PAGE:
Here’s the scenario: I’ve stopped at a red light, preparing to make a right turn. I look to my right, see no pedestrians wanting to cross directly in front of me (since they would have a walk signal), then look to my left, see no oncoming vehicles, and start to move. So far as I can tell, I’ve met the conditions under which a right turn on red is legal: no oncoming traffic on the roadway with the green light, and no pedestrians with a right-of-way in front of me.
What have I overlooked?
A bicyclist, deciding that he can come roaring up along the sidewalk in my right-side blind spot, turn left directly across my path, and cross the street in the pedestrian walkway. I didn’t see him because he was coming up from directly behind me on my right, and because he approached at a rate of speed much faster than the pedestrians I’d been watching for. Fortunately Rose in the passenger seat spotted him a millisecond before I did, and she alerted me sufficiently that I hit the brake. Also fortunately, I’d just barely begun to accelerate into the turn so I could stop almost instantaneously. If Rose hadn’t been there, I quite possibly would have knocked the bicyclist over – or worse.
Naturally, the bicyclist was insistent that since the light was green, it was my fault. I yelled at him that he’s not a pedestrian and doesn’t belong on the sidewalk or in the pedestrian walkway, where no one’s looking for anything approaching at that rate of speed. He wanted to make a left turn: he should have proceeded, on the roadway, to the left of the lane, signaled a left turn, and waited for a break in traffic to allow him to go left along the roadway on the right or far side of the crossroad from my perspective…not in the near-side pedestrian walkway.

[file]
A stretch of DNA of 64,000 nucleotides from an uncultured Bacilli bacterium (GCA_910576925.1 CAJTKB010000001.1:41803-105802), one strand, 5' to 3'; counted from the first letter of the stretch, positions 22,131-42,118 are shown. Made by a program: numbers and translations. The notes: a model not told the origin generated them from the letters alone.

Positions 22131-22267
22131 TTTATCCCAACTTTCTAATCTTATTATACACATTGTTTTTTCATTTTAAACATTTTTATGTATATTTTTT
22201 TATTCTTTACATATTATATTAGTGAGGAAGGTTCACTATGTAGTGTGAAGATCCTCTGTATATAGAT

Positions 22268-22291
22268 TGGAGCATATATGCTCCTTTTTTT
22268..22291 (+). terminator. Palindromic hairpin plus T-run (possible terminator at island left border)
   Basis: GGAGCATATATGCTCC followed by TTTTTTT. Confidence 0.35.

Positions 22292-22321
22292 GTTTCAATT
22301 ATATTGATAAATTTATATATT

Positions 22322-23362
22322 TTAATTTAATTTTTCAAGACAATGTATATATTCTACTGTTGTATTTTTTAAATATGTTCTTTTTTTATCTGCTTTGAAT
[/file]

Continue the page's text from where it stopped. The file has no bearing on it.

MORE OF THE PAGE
I don’t know – what do you think?
It seems to me that either a bicycle is a vehicle, with all the rights of the roadway and responsibilities to obey the laws of the road…or it is not, in which case it may not have those responsibilities, but not those rights either. But the reason bicycles are vehicles, not “pedestrians,” is that they’re unsafe for pedestrians on sidewalks, since they move far too fast…and, as I suggest, when a driver is looking for hazards, sidewalks are the source of pedestrian traffic. Too many bicyclists want it both ways: they want the rights of vehicular traffic, but refuse (for example) to actually stop at stop signs, and insist they can cross in pedestrian walkways (even when, as in this case, they’re effectively going the wrong way, against traffic).
Luckily, I have good brakes and reflexes, and in this case a passenger paying attention to areas outside of my view (the bicyclist essentially materialized in my blind spot and moved directly from there to a position directly in front of what was clearly indicated by my turn signal as my line of travel).